Sets, Reps, Volume
Simply put, a "set" is a string of a consecutive number of repetitions. This can be a pre-planned number of reps or done until at or close to the point of momentary muscle failure. Therefore 3 sets of 10 means three sets of 10 consecutive repetitions for each set.
Each repetition is comprised of two types of isotonic contractions, an concentric and eccentric one. The concentric is the shortening of the muscle under load, the eccentric is its lengthening. For example, in a biceps curl, the upward contraction where the weight is raised and the muscle shortens, is the concentric and the lowering of the weight is the eccentric.
Research has demonstrated that the eccentric portion of an exercise is responsible for building more muscle mass.
When volume is mentioned it is a measure of the overall number of sets done for each bodypart. This can range between 2 to 20 sets done per week, per bodypart.
A good starting point for most people would be doing a minimum of 5 sets per week, in the range of 50% to 70% one-repetition maximum, each set taken within 1-2 reps short of momentary muscle failure. Optimally, we want to get to the point of subjecting the major muscle groups in the body to 8-12 sets per week.
Note, the "one-repetition maximum" or "1RM" is something which you can safely calculate using any one of a number of online 1RM calculators, without risking injury by actually attempting a max lift (something beginners should not even think of doing at this stage of the game)
Frequency, Duration and Time: How Long Should I Train For?
This is where some individual subjectivity comes in again:
How old are you or do you have injuries?
How many days can you/want to train per week?
How much time do you have for each workout?
What is your recovery ability like?
Given how the above questions illustrate there is no one conclusive answer as to the optimal number of workouts, and that this is entirely dependent on the individual, it is safe to say that anywhere from 1-4 training sessions per week should cover the best results for the majority of the population.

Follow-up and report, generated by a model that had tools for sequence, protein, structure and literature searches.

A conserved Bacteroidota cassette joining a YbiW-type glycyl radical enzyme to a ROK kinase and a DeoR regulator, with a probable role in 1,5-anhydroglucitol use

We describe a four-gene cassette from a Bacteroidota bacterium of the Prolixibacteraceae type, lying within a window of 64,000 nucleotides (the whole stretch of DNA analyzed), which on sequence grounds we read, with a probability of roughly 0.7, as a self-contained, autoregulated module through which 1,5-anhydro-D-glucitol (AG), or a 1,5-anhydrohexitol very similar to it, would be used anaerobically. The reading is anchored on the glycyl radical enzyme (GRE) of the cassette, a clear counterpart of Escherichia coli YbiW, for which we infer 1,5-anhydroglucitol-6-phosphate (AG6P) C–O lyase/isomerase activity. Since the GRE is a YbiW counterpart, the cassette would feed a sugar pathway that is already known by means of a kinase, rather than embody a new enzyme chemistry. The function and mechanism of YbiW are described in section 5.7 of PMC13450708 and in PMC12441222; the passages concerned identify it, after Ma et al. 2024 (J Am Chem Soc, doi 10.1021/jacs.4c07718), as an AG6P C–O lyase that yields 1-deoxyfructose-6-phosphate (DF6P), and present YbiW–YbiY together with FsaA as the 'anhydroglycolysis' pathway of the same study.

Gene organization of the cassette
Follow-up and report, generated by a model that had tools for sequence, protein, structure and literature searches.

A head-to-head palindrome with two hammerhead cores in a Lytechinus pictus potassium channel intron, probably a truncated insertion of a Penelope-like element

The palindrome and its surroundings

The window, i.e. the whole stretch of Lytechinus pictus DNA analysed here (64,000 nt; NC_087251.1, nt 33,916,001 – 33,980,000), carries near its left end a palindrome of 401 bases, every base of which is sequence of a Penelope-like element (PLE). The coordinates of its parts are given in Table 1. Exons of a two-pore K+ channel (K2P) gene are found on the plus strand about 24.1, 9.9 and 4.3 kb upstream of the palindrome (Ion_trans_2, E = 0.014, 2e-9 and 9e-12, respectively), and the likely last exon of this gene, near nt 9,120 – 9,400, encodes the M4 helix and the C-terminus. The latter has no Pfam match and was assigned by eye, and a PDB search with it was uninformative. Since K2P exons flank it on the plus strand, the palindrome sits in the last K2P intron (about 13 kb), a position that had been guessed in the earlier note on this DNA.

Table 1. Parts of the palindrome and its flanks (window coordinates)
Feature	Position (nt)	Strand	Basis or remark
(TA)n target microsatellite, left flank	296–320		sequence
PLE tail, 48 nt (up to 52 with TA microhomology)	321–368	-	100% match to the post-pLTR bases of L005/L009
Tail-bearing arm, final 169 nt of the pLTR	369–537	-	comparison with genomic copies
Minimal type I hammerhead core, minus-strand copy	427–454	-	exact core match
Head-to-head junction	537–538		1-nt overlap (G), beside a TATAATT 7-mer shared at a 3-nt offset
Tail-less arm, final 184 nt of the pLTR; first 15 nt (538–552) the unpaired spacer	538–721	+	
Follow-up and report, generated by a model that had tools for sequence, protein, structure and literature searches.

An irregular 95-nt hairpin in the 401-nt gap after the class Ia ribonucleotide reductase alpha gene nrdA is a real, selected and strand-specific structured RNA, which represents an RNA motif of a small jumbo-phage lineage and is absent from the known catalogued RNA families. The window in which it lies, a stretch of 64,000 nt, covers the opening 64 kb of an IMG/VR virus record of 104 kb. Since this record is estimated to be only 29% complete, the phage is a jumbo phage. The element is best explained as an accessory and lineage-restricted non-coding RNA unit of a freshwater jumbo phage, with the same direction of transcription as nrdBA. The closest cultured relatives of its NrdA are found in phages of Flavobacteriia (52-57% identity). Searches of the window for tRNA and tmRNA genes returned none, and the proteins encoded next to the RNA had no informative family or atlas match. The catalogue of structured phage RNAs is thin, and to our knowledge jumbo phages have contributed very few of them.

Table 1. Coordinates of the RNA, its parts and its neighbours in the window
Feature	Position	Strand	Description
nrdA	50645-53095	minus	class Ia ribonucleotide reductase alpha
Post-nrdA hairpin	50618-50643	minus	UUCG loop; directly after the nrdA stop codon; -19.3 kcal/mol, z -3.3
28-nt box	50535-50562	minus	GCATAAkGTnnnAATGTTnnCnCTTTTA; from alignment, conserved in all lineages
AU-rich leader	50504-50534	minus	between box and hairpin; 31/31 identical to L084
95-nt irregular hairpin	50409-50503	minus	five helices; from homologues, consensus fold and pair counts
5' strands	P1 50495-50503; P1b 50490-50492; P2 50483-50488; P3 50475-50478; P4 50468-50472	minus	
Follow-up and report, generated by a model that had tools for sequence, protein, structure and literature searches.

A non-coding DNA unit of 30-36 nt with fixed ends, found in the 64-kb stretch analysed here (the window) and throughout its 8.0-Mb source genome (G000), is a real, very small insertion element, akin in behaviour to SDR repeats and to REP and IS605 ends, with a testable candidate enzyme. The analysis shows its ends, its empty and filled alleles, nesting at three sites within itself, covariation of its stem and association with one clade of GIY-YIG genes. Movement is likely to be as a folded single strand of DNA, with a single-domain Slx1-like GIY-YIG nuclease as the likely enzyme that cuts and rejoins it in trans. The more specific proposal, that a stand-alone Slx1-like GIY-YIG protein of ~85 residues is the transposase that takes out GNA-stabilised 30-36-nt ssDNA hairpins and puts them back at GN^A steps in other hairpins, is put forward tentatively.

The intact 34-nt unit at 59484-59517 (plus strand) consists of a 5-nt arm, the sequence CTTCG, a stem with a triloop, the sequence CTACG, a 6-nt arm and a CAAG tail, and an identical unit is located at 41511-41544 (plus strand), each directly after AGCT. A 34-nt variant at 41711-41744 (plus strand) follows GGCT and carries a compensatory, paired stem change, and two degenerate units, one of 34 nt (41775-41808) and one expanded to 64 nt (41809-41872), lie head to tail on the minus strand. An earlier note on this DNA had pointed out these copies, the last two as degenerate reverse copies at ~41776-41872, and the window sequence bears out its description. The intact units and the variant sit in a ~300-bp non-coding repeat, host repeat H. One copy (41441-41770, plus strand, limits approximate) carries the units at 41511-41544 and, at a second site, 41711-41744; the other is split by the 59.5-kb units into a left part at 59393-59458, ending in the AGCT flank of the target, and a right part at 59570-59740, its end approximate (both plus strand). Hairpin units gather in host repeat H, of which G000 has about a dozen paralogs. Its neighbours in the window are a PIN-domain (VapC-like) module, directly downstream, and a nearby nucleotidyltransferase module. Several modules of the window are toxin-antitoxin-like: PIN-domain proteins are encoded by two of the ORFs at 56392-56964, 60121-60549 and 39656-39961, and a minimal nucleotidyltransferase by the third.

Each workout session can last anywhere from 20-45 minutes, assuming that there is enough intensity within proper form, using typically with 1-3 minutes between each set.
How long each set should take is another important point to bring up. You might have heard of the term "time under tension". This is the measure of how long the muscle is forced to contract, under load, over a given number of repetitions. The total time is said to be the time under load. This metric is one of the most common ways to gauge intensity (besides perceived intensity).
The cadence of the repetitions varies, but the best results are seen with controlled lowering of the weights in the eccentric portion of the lifts. It doesn't have to be super slow, but optimally 3-4 seconds down and 2 seconds up is a reasonable starting point. It also helps guide us to using loads which are not too heavy.
It is imperative that you keep some sort of training log or even a more comprehensive journal of not just the workout done, but also how you were feeling on a given day, the surfacing of any injury or pain, recovery etc.
At a minimum, you want to log the routine, training day, exercises done on that day with the number of sets, reps, weights used. A good example of this is: Hacking the Workout Journal: How to Track Your Workouts in the Simplest, Most Effective Way Possible.
This can be done with a simple spiral bound notebook or something like a Moleskine journal or using any one of a number of free software for a more elaborate health and training journal. Good apps that I know of for this are Joplin and Obsidian (both free, multi-platform software desktop and mobile). In those you can add photos, videos, and all sorts of other media.
Nutrition & Diet
The topic of nutrition and diets are beyond the scope of this blog, I'll briefly touch on only the basic terms and concepts that apply to our training.
Macronutrients (or "macros") are nutrients that the body needs in large amounts to function optimally. These refer specifically to carbohydrates, fat, and protein.
Carbohydrates provide energy and glycogen production, protein consists of amino acids which are the essential building blocks for skeletal muscle, skin, blood, and proper functioning of the brain and nervous system.
Fat, which is essential for hormonal function (cholesterol is the prime constituent of the master hormone, pregnenolone from which all the sex and stress hormones derive, optimal brain function, neural signalling, energy reserves (ie "ketones"), cellular function, and more.
Caloric, protein, carbohydrate and fat requirements
For gaining muscle mass, it is best to keep:
- Caloric intake is based on ratios of 40 percent carbohydrates, 30 percent protein and 30 percent fat
- 6-18 calories per pound of bodyweight
- Protein intake between .8 to 1 – 1.5 grams per pound of bodyweight
- Carbohydrate intake at 2 to 3. 3 grams of per pound of bodyweight
- Fat intake at 20-25% of total calorie intake
Total Daily Energy Expenditure
This measure, which goes by the acronym "TDEE" is the estimate of how many calories your body burns over a 24 hour period, taking into account the energy it uses while resting along with your level of physical activities and metabolic factors.